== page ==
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Species MattersHumane Advocacy and Cultural Theory$
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Michael Lundblad and Marianne DeKoven

Print publication date: 2011

Print ISBN-13: 9780231152839

Published to Columbia Scholarship Online: November 2015

DOI: 10.7312/columbia/9780231152839.001.0001

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Consequences of Humanism, or, Advocating What?

Consequences of Humanism, or, Advocating What?

Chapter:
(p.49) 3 Consequences of Humanism, or, Advocating What?
Source:
Species Matters
Author(s):

Paola Cavalieri

Publisher:
Columbia University Press
DOI:10.7312/columbia/9780231152839.003.0004

This chapter critiques the humanism that is often implicit in mainstream versions of “humane advocacy.” Using theoretical frames of reference different from Jacques Derrida's posthumanism, it explores the politically progressive discourses of Holocaust studies, disability studies, feminism, and Marxism and how they depend on—and are even founded on—a distinction of the human from the animal. The chapter argues that these discourses invoke the common humanity of oppressed human groups, over against the subhumanity, or animality, attributed to them by those who denigrate or seek to destroy them. It asserts that this politically progressive activism is therefore inherently humanist, and that humanism itself is foundationally defined by its distinction between humans and animals: that this distinction is the “disavowed underside of humanism.” It also discusses dehumanization within the context of humanism and in relation to to the attitudes of some of the main intrahuman progressive areas: the movement against ethnic discrimination and genocide, feminism, the disability rights movement, and the leftists.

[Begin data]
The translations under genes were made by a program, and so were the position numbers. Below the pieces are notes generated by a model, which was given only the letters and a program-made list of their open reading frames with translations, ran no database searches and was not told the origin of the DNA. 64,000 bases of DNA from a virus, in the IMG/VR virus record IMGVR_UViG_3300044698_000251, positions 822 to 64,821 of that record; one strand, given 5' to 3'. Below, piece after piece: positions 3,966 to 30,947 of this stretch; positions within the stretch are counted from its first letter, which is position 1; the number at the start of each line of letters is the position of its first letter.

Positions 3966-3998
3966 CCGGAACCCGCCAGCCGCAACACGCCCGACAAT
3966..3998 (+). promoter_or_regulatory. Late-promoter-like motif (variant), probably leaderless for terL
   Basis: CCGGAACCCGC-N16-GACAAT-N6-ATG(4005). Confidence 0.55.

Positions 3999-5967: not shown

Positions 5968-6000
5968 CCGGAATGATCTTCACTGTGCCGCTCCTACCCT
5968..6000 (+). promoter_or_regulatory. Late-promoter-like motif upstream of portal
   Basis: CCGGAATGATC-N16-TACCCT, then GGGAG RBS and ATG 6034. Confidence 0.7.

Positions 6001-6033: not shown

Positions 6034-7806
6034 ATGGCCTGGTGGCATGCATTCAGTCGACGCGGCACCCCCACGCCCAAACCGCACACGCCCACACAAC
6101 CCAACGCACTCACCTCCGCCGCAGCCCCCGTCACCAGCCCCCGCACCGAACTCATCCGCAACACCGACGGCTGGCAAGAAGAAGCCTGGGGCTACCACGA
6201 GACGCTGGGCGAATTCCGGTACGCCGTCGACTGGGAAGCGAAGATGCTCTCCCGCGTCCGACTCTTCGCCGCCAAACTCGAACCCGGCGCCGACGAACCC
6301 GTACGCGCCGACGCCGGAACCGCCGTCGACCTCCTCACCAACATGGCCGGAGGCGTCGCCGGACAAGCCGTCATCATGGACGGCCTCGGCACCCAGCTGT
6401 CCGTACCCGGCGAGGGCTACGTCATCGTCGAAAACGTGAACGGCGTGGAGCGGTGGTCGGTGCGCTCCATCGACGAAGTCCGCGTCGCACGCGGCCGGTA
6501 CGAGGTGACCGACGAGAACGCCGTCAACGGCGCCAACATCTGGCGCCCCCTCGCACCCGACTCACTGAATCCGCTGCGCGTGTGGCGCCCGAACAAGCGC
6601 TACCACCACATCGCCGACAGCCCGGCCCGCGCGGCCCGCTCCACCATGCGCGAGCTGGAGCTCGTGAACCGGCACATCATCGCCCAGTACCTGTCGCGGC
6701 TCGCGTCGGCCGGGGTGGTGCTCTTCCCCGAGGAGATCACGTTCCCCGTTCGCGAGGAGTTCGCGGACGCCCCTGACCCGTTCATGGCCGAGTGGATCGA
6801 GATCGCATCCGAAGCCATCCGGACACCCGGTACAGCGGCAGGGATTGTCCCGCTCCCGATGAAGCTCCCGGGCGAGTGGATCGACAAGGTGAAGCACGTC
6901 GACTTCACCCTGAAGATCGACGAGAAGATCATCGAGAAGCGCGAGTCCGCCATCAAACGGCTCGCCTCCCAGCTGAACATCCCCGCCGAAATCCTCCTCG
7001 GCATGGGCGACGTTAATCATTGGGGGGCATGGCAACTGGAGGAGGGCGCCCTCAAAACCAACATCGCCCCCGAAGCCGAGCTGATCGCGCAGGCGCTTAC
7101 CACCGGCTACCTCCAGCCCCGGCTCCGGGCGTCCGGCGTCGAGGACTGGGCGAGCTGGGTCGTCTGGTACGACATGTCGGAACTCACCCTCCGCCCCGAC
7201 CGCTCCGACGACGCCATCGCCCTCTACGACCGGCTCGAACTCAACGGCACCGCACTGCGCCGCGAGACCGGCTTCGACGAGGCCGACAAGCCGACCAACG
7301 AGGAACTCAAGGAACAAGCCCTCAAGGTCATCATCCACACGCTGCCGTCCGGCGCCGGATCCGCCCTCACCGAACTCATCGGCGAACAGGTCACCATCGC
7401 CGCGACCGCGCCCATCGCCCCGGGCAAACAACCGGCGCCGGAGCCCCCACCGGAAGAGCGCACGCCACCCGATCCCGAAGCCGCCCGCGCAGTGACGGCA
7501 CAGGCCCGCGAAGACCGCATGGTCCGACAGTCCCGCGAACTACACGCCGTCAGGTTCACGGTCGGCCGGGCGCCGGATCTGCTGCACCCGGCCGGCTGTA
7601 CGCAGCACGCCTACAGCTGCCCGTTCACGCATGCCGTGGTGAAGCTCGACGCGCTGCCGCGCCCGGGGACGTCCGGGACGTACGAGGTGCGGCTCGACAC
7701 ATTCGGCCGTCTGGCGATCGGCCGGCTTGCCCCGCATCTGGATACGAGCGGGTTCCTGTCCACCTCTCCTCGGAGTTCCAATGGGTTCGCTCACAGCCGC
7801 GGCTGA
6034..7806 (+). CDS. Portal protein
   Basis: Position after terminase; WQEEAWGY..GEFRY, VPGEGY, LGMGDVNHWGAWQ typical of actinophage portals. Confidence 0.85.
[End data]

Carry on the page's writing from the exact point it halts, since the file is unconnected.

Keywords:   humanism, humane advocacy, dehumanization, feminism, Marxism, animality, humans, animals, posthumanism, progressive activism

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